Silken Thomas
Irish History From The Annals

Silken Thomas, Earl of Kildare.

Following his unsuccessful rebellion against King Henry VIII Silken Thomas, Earl of Kildare, and his five uncles were hanged on the 3rd of February 1537 at Tyburn outside London.

In June 1534 Thomas Fitzgerald son of Gerald FitzGerald Earl of Kildare, believing that his father had been executed in the Tower of London, rose in rebellion against King Henry VIII. After an unsuccessful attempt to capture Dublin Castle he retreated to Maynooth Castle in Co. Kildare which was captured by the English in 1535. Following his surrender on the 24th of August 1535 he was sent to the Tower of London. On the orders of Henry VIII Thomas, along with his five uncles, was hanged at Tyburn outside London.

The events are recorded in the Annals of the Four Masters for the years 1535 and 1537.

1535
The Earl of Kildare, Lord Justice of Ireland (Garrett Oge), the son of Garrett, son of Thomas, the most illustrious of the English and Irish of Ireland in his time, for not only had his name and renown spread through all Ireland, but his fame and exalted character were heard of in distant countries of foreign nations, died in captivity in London. After which his son, Thomas, proceeded to avenge his father upon the English and all who had been instrumental in removing him from Ireland. He resigned the King's sword, and did many injuries to the English. The Archbishop of Dublin came by his death through him, for he had been opposed to his father: many others were slain along with him. He took Dublin from Newgate outwards, and pledges and hostages were given him by the rest of the town through fear of him. The son of the Earl on this occasion totally plundered and devastated Fingall from Slieve Roe to Drogheda, and made all Meath as it were tremble beneath his feet.

When the King had received intelligence of this he sent relief to the English, namely, William Skeffington, as Lord Justice, and Leonard Gray, with a great fleet, and these proceeded to plunder all (the territory) that was under the jurisdiction of the Earl's son. They afterwards took Magh Nuadhat, Thomas's town, and expelled himself from his territory. His father's five brothers also rose up against Thomas, to assist the English, namely, James Meirgeach, Oliver, John, Walter, and Richard, for they thought that if Thomas were conquered one of themselves might obtain the earldom. When the aforesaid Englishmen were not able to make a prisoner of Thomas (after having taken his manors and towns from him, and driven him for an asylum to the Irish of the south of Ireland, especially to the O'Briens and O'Conor Faly, who all were a firm and powerful bulwark against them, and at war with them) they resolved in council to proffer him a pretended peace, and take him by treachery; whereupon they sent Lord Leonard to the Earl's son, who promised pardon on behalf of the king, so that he coaxed him with him to England, where he was immediately seized and placed in the King's tower, in bondage and captivity.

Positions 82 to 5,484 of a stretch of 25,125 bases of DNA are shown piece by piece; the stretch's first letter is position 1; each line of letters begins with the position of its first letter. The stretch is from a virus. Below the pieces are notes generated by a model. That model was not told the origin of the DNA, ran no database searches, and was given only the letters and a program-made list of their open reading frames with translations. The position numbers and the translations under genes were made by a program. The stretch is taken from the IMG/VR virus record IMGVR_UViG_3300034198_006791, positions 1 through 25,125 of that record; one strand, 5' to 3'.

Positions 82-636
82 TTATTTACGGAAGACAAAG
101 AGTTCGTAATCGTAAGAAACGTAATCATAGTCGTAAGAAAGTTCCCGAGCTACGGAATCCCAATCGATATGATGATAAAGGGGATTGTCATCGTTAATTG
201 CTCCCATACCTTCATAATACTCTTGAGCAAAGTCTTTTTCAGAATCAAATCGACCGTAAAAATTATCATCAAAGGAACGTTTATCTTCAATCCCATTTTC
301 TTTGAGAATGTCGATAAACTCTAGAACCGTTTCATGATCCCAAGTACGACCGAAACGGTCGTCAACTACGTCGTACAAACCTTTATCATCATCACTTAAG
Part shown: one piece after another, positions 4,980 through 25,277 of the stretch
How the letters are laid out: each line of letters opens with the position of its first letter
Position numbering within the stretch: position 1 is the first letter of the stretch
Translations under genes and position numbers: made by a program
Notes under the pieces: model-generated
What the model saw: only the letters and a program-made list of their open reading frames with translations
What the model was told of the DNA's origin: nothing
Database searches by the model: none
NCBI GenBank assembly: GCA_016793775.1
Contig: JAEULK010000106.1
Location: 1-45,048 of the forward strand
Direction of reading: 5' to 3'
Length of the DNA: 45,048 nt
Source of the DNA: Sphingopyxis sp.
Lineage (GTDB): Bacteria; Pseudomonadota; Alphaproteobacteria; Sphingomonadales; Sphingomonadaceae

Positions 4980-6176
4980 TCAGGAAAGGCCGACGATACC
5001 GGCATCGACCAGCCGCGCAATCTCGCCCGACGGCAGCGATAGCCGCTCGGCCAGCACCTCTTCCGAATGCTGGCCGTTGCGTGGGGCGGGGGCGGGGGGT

Lord Leonard returned to Ireland; and the Lord Justice of lreland William Skeffington, having died, he assumed his place, and he took to him the sons of Garrett, the son of Thomas, the Great Earl of Kildare, namely, James Meirgeach, Oliver, John, Walter, and Richard, and they were for some time in his company and friendship. They were however finally seized on, they being under his protection, and sent to the King of England; and they were immediately clapped into the King's tower, in which was also the heir to the earldom, i.e. Thomas; and there were they all six!

1537
Thomas, the son of the Earl of Kildare, the best man of the English of Ireland in his time, and his father's five brothers, whom we have already mentioned, namely, James Meirgeach, Oliver, John, Walter, and Richard, were put to death in England on the 3rd of the Nones of February; and all the Geraldines of Leinster were exiled and banished. The earldom of Kildare was vested in the King ; and every one of the family who was apprehended, whether lay or ecclesiastical, was tortured and put to death. These were great losses, and the cause of lamentation throughout Ireland.


 
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